U.S. tops Puerto Rico without Iverson

Posted: Sunday, August 01, 2004

JACKSONVILLE, Fla. Reunited, and it feels so ... familiar.

The U.S. Olympic team tipped off its exhibition season with an easy 96-71 victory over Puerto Rico on Saturday, although the most intriguing action came beforehand between old sparring partners Larry Brown and Allen Iverson.

Brown held Iverson, LeBron James and Amare Stoudemire out of the game for showing up late to a pre-game meeting, a move that brought back memories of the six fractious seasons The Coach and The Answer spent together with the Philadelphia 76ers.

''They broke a team rule and we are a team,'' Brown said. ''They paid the penalty. Nobody wanted to embarrass them, and now we're moving on.''

Brown and Iverson have been down this road before. Their time together with the Sixers was riddled with disagreements, tardiness and a general lack of harmony. They claimed to have patched things up since Brown left after the 2003 season, but in their first significant reunion, there was trouble.

Iverson claimed he ''couldn't have been more than five minutes late.''

''I'm the captain on the team and to be suspended just for being a couple minutes late just doesn't sit well for me,'' he said. ''I'm supposed to be one of the leaders of the team, and this is not a good look.''

Almost as upsetting to Brown was the decision by arena officials to announce the suspensions over the public-address system. A sellout crowd of about 14,000 fans who don't get to see NBA stars pop in to Jacksonville too often booed lustily, and Brown glared over to the scorer's table.

''I was totally embarrassed by the announcement, because it embarrassed those guys, and it was totally uncalled for,'' Brown said.

Midway through the fourth quarter, the crowd chanted ''I-ver-son, I-ver-son,'' but to no avail. He, James and Stoudemire spent the entire game watching from the bench in shorts.

''It was a surprise that he made that decision at first,'' said James, who claimed he was between five and 10 minutes late. ''But I've got to go with what the coach said.''

The other nine players put in a hot-and-cold effort to be expected from a group that is just getting to know each other and was further hamstrung by the suspensions.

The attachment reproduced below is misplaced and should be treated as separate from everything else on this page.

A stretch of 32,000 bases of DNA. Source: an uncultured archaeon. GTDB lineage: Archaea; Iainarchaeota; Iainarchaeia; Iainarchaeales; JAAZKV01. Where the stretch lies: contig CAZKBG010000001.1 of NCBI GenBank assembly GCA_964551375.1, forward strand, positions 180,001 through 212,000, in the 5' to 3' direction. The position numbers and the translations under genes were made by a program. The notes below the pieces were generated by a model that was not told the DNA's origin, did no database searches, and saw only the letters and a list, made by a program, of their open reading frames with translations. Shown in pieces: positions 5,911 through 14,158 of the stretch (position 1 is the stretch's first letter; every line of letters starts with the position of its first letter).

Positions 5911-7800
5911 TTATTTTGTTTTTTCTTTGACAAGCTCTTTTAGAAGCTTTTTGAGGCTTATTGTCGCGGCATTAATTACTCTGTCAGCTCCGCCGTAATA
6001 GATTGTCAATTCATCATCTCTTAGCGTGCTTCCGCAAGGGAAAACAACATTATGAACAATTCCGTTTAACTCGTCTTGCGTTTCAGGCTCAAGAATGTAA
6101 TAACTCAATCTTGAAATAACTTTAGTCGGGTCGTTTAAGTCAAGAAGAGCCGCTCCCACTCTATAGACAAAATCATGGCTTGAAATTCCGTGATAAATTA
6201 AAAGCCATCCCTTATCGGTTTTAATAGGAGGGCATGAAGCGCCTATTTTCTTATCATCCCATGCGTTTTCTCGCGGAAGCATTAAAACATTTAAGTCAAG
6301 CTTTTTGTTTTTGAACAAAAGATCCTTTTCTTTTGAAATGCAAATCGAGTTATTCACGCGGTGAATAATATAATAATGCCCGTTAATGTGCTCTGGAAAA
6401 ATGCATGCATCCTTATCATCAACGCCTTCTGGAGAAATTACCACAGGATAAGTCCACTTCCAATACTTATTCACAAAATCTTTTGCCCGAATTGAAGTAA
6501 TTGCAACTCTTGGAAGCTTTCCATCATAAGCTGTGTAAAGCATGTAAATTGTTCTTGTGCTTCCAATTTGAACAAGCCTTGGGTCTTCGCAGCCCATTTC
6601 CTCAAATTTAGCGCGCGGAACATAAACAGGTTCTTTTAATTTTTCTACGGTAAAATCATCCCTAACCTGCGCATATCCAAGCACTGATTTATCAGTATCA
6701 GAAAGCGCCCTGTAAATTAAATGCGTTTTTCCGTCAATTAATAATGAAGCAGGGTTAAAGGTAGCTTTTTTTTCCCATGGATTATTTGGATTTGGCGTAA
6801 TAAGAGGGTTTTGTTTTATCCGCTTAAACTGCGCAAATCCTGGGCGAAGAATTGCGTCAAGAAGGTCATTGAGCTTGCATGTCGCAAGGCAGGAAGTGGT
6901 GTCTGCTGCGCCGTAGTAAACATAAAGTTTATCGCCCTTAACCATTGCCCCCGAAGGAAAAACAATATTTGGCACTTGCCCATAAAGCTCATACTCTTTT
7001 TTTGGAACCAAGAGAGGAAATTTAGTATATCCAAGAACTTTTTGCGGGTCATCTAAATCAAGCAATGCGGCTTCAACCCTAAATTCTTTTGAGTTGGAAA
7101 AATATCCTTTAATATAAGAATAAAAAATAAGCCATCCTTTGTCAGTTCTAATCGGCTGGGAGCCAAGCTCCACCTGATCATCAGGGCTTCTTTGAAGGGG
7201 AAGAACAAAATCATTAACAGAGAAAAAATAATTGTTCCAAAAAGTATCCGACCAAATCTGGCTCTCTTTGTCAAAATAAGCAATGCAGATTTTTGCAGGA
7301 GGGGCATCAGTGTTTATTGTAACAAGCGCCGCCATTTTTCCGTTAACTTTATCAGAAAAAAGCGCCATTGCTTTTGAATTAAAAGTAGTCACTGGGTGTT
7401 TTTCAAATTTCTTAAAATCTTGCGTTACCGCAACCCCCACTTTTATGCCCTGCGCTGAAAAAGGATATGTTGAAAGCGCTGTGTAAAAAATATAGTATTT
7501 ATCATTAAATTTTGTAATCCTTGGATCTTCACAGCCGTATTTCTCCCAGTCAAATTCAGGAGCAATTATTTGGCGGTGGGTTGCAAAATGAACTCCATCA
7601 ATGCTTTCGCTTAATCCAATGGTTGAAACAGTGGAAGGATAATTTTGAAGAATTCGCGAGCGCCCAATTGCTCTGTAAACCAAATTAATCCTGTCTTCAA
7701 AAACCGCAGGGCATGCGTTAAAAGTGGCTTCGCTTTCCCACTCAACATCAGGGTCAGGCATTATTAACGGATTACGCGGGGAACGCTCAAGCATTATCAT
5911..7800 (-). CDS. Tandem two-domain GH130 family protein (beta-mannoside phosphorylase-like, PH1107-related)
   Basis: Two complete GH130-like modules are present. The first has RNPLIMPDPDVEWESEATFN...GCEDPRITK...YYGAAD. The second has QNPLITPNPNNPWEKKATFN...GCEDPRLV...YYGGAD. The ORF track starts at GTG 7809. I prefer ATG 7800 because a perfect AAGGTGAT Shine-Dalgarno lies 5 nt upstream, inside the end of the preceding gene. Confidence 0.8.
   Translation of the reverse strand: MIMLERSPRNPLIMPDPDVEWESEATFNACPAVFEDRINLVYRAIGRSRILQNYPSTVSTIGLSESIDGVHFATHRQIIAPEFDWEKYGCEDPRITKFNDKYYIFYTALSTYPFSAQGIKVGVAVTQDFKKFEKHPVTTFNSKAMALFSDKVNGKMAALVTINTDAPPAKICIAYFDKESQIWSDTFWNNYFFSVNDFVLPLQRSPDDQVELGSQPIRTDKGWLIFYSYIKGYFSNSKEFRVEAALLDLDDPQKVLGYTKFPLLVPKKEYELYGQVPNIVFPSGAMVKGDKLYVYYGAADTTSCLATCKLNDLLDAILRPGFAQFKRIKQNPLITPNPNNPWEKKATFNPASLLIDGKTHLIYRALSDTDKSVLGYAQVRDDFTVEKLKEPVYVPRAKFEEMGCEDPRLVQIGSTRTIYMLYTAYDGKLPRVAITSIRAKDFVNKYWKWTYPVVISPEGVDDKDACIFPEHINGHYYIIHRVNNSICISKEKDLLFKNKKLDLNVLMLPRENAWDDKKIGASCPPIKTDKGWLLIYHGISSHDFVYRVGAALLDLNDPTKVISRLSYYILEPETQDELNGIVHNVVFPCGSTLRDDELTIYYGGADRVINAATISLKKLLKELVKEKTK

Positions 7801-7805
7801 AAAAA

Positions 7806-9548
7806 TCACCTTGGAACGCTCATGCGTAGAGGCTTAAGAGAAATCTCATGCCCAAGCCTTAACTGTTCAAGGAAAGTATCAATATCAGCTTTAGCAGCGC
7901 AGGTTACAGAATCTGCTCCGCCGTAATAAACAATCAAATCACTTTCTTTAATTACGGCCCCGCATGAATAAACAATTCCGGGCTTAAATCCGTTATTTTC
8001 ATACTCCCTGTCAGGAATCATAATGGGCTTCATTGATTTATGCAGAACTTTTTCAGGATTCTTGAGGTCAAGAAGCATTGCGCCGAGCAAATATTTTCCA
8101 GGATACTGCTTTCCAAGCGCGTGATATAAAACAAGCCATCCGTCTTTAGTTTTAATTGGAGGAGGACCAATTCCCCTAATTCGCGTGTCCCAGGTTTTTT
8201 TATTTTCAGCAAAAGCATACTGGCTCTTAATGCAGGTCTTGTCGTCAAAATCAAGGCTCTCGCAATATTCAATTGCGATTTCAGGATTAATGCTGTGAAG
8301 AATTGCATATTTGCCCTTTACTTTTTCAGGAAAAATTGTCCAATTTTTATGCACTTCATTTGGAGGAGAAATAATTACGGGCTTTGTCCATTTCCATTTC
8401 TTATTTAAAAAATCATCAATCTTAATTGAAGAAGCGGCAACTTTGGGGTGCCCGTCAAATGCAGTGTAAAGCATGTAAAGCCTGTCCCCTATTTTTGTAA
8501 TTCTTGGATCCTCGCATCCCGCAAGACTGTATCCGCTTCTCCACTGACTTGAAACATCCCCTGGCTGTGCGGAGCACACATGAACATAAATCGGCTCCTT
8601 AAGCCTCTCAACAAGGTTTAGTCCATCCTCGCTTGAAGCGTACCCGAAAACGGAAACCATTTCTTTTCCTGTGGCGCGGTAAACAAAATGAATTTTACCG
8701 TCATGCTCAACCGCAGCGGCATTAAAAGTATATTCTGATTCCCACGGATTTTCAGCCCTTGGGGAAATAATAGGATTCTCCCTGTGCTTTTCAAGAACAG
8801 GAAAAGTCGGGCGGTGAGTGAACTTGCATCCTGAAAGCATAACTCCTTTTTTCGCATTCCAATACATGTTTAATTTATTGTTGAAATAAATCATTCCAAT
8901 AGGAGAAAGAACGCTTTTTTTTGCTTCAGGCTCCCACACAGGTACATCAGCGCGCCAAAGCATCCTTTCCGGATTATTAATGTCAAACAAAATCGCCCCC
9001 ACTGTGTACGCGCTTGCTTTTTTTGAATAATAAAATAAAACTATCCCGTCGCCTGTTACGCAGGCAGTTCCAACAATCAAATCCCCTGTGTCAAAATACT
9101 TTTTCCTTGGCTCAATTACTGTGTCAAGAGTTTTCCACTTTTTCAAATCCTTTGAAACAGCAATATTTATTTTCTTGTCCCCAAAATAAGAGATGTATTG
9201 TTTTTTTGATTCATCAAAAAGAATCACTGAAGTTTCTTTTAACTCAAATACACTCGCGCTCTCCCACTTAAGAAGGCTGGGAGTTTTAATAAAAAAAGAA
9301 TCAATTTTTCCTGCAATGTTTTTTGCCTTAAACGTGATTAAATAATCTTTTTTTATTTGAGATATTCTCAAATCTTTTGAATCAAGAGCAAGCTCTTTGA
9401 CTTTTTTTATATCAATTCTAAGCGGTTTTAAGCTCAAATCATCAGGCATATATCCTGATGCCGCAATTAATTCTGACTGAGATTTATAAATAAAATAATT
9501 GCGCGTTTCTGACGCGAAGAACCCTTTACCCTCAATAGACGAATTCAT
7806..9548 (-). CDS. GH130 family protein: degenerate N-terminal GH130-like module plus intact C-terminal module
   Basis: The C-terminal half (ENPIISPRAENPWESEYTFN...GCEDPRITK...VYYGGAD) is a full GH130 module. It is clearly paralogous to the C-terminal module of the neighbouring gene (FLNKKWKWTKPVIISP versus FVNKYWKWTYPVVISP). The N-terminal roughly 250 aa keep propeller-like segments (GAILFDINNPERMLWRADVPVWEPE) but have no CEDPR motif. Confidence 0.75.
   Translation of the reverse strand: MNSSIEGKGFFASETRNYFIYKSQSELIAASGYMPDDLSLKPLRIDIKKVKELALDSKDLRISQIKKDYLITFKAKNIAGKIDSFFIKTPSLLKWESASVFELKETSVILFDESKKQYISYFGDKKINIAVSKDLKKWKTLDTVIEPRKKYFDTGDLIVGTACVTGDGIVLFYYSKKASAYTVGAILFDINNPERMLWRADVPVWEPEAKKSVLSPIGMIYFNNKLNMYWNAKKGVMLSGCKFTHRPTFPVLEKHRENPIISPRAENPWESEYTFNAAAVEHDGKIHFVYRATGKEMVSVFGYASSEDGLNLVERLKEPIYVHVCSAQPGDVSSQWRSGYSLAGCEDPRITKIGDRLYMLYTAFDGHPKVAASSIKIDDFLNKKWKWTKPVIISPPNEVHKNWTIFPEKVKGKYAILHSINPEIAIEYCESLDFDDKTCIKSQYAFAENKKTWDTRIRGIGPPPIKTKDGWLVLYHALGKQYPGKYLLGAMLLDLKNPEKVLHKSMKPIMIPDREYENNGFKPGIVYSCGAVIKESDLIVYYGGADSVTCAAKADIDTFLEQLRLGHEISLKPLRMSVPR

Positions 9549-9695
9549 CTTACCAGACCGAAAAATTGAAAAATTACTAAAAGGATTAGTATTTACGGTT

Carmelo Anthony and Carlos Boozer led the Americans with 16 points each. Dwyane Wade had eight assists, more than half of which were alley-oops, or sweet, no-look feeds. Tim Duncan finished with 15 points and 10 rebounds. Shawn Marion finished with 12 points and nine rebounds.

''I thought it was a great exhibition of what we can do out there,'' Marion said.

There were rough spots, too.

After getting off to a quick start, the Americans went cold and got sloppy in the second quarter, possibly in part because they were playing with only two guards, only one of whom, Stephon Marbury, was a true point guard.

The U.S. team also has trouble shooting outside, going just 3-for-7 from 3-point range, a problem that existed even before the suspensions, although one that surely won't be as bad when Iverson and James return.

If Puerto Rico was the 51st state, Larry Ayuso might have a chance at making the U.S. roster. Ayuso (19 points) hit five 3-pointers to keep Puerto Rico close in the second quarter, and when his backcourt mate, Carlos Arroyo, made a steal and layup, Puerto Rico trailed by just five before halftime.

The Americans tore off 10 of the first 14 points in the third quarter to go ahead comfortably again, although Brown, who prides himself on defense and discipline, was less than ecstatic with this performance.

''We were better in areas we need to improve on, but there's a long, long way to go,'' he said. ''We turned it over a lot (20 times), the execution wasn't great. But this is only our fifth day'' together.

The United States left Jacksonville later Saturday for Germany, where it will continue with workouts and exhibitions until the Olympics, where the Americans will open against Puerto Rico on Aug. 15.

It will be interesting to see how big an impact if any these suspensions will have, especially on the fragile relationship between Iverson and Brown.

Earlier this week, they reiterated that they were getting along fine since Brown left for the Pistons, but on Saturday, Brown made it clear he's still the boss.

And Iverson made it clear he wasn't happy with what happened.

''I was surprised at the whole thing,'' he said. ''I didn't know that if we came late to anything, we'd have to sit out a game. I didn't know that.''

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